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Forgotten Ones: Essay by Miya Sae


Young woman with computer, sitting on orange couch, image colors are orange, brown, and white, image by GraphicMama-team, on Pixabay, modified.




















woman with computer,

image by GraphicMama-team, on Pixabay, modified





Forgotten Ones


You know those awesome moments when you hear church leaders and Christian influencers take the time during their message to be inclusive of autistic people,

and speak to their unique gifts and challenges?


I don’t.


I’ve never seen that happen.


Of course, that doesn’t necessarily mean it never happens. But if anything,

it seems extremely rare. Autism and neurodiversity aren’t things most people

think about, and the most well-intentioned preachers are no exception. And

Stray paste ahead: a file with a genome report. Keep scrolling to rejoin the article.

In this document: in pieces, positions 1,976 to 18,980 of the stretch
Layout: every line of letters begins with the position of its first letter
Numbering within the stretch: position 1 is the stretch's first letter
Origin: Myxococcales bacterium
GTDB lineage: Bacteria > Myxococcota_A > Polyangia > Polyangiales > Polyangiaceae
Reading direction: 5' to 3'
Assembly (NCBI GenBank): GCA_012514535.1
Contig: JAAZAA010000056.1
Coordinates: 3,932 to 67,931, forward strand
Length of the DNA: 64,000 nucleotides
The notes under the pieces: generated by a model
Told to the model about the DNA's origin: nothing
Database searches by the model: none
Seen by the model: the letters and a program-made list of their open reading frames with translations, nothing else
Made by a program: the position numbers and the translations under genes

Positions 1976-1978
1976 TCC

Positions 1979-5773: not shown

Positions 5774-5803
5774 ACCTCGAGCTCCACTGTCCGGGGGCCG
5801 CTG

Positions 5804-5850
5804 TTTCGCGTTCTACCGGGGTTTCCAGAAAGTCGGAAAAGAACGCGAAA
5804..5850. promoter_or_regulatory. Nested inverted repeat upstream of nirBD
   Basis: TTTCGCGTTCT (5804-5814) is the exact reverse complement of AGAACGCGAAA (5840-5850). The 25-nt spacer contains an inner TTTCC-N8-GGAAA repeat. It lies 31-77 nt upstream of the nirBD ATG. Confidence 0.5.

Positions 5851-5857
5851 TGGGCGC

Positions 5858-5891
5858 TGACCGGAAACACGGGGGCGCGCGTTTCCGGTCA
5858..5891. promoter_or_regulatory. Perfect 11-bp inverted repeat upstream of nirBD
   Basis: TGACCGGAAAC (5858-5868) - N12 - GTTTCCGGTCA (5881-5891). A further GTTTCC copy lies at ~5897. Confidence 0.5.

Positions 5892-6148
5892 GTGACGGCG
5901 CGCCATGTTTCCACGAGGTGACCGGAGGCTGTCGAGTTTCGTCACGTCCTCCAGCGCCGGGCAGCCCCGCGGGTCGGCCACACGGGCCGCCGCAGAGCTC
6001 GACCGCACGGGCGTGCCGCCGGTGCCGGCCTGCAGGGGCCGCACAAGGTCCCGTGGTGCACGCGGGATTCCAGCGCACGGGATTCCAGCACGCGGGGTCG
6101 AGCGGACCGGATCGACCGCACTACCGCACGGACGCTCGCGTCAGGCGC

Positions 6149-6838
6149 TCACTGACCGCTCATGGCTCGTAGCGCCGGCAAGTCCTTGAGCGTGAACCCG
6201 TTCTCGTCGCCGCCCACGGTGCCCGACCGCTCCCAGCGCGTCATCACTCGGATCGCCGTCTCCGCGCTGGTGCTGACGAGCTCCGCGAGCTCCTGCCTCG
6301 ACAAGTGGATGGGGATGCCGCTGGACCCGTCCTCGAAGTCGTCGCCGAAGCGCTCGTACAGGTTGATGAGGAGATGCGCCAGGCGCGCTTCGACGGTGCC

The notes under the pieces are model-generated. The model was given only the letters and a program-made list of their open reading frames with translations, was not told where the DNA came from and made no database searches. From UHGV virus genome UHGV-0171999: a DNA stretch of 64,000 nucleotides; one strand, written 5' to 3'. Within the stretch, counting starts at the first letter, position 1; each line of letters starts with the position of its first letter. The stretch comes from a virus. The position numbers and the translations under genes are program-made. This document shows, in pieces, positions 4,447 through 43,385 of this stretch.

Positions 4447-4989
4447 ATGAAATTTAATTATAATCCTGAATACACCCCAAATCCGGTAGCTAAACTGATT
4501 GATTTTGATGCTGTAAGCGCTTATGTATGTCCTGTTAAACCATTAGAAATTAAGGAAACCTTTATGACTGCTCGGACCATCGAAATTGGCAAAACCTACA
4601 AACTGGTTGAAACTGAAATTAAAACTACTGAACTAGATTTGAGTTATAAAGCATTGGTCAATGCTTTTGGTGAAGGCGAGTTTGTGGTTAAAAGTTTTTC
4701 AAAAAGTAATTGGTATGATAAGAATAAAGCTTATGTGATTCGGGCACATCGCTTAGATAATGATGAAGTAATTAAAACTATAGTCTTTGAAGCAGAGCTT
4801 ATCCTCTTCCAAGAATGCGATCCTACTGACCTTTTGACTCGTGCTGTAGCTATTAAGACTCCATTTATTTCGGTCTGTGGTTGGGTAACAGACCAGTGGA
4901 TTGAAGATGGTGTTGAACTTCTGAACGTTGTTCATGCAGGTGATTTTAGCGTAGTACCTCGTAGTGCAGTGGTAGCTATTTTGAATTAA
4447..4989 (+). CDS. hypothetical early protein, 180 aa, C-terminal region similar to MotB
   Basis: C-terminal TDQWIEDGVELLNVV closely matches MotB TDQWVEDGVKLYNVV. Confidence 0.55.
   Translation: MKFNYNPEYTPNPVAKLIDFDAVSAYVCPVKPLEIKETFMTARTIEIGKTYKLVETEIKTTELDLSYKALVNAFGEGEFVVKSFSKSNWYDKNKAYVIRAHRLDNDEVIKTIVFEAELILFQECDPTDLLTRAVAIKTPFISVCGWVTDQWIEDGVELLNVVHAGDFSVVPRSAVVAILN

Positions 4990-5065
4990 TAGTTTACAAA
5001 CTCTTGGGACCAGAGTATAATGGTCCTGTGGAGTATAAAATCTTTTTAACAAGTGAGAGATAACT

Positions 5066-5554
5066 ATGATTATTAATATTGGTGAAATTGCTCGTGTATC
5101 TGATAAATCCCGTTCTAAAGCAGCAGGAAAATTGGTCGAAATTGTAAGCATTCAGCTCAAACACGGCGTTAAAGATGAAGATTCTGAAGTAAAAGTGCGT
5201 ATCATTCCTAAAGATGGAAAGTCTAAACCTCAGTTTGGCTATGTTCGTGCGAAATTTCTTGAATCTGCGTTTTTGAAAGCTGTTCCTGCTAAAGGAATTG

when people do think about autism, unfortunately, they frequently think of

myths and stereotypes. Somehow, there is still so much misinformation in

this day and age and it has only recently started to get pushback.


But that’s a different conversation.


What does this mean for Christians? I almost guarantee that there are autistic

people in your church. Maybe you don’t know they’re autistic. Maybe they don’t

know it yet themselves, like I didn’t for most of my life. Many people, especially

females, aren’t diagnosed until adulthood.


It can be hard to tell, when we become really good at masking or if we don’t fit

into the infamous, stereotypical “Rain Man” image.


The result of negligence in the church is that we can feel invisible, invalid, or like

we’re extra bad sinners because we’re different. A common trait is that we tend

to hyperfixate on things and develop special interests. The church often frowns

upon this. The things we love are called “meaningless,” and sinful by extension.

A preacher may say things like, “Video games, TV, manga, etc., are a waste of

time and don’t glorify God.” But what does that communicate to neurodivergent

people whose special interests frequently are video games, TV, and manga?